Despite being the revered front man of a band that has twice been Mercury-nominated (for Lost Souls and The Last Broadcast), Goodwin remains endearingly cautious about revealing his own ideas. His profound respect for his band mates, with whom he originally formed dance band, Sub Sub in 1991, makes him a reluctant sharer. “Andy and Jez are my peers; I still feel nervous playing stuff to them.” Yet, with I Will Not Hide, the album’s second track, he supplied a soulful ready-made that was a few short steps from completion. “I pulled it out of the bag,” continues Jimi. “They arranged it for me and we recorded it over two afternoons in my front room in summer 2017.”
A four-chord progression that warrants an over-the-shoulder glance to classic Doves tracks like Catch The Sun, with disembodied voices cameoing alongside burbling electrified keys and perfectly-judged guitar breaks, the lyrics appear to denote a struggle in which the protagonist declines to blink first in the face of an unnamed opponent. With Broken Eyes that follows, The Universal Want climbs to its feet in delicately introspective mood. “There have been a lot of casualties in my past and I think some of these lyrics hint at that,” says Jimi. “We shouldn’t be afraid to reference the damage that life can do.”
Time has passed and people, quite publicly and privately, have come and gone. Lost in mind, body or both. Seeing years slowly tick by, the impetus for Doves to come back together came with consideration for each other’s wellbeing. It had to be fun again. “Now it’s OK to just say: ‘I am going to bail’ if you’re not feeling it,” says Jimi. “Whereas, in the past, I’d probably have been mortified to skip a session. We can look at each other now and say: ‘I don’t really want to do this today’ and we all know that it will be alright.” It helps that Doves don’t need to take to the live room for days on end to make a record, instead exploring the potential of the studio as another instrument. “We always tend to avoid just plugging in and playing,” says Jez. “We play with our hearts as a band for the feeling, but with our heads the rest of the time at the computer.”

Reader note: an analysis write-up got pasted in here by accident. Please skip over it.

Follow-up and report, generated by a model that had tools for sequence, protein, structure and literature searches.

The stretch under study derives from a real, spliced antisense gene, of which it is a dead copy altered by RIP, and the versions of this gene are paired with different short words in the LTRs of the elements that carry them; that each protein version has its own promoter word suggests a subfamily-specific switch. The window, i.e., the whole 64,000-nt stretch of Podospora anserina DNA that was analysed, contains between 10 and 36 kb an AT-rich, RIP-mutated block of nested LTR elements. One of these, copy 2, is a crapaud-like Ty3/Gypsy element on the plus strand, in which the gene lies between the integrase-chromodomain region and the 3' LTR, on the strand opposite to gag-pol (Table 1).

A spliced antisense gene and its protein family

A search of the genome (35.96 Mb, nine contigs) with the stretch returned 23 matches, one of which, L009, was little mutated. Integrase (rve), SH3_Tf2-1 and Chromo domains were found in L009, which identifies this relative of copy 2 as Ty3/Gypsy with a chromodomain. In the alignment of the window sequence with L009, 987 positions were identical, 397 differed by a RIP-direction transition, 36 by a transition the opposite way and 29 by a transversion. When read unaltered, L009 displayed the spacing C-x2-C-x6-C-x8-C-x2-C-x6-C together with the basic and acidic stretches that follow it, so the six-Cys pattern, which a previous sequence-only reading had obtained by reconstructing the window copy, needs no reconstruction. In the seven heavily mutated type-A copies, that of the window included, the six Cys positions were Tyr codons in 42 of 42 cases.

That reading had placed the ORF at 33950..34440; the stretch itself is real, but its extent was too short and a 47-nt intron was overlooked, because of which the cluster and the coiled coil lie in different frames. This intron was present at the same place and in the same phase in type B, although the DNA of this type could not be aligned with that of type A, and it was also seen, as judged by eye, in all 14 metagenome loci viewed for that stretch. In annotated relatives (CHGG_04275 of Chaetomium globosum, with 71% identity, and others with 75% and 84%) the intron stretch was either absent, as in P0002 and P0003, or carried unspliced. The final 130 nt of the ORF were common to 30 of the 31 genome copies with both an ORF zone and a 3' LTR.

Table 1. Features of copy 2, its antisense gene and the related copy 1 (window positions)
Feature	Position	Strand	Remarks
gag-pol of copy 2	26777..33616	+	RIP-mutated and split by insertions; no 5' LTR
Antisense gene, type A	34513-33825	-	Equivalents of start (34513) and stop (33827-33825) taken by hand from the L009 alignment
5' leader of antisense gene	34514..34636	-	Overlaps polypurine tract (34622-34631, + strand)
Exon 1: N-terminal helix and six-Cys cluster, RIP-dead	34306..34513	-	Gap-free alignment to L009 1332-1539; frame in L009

Yearning euphoria, a tightrope between tears and laughter, desolation and hope, is an indefinable mood that Doves have long since mastered. For Tomorrow proves the point, a track that the band approached with their long-held ambition to write a soundtrack in mind, as well as aping the lush, wall-to-wall sounds of sixties psychedelic soul pouring from bands like Rotary Connection. Here, like the gut punch of Cathedrals Of The Mind that follows, Goodwin’s vocal brings with it the baggage that he says time has added to his journey. Vulnerable, sincere, yet as assured as any performance in the past, these songs are case studies in finding and leaving space for every line to hit as hard as it can. When it comes to what they’re about, it’s open to interpretation, like so much else. Andy says: “’Cathedrals Of The Mind’ was actually one of the first ones that caught Jimi’s ear for us to work on together. It’s about being haunted by someone. It’s usually the case that you write subconsciously with people in mind, without the song being written about them.”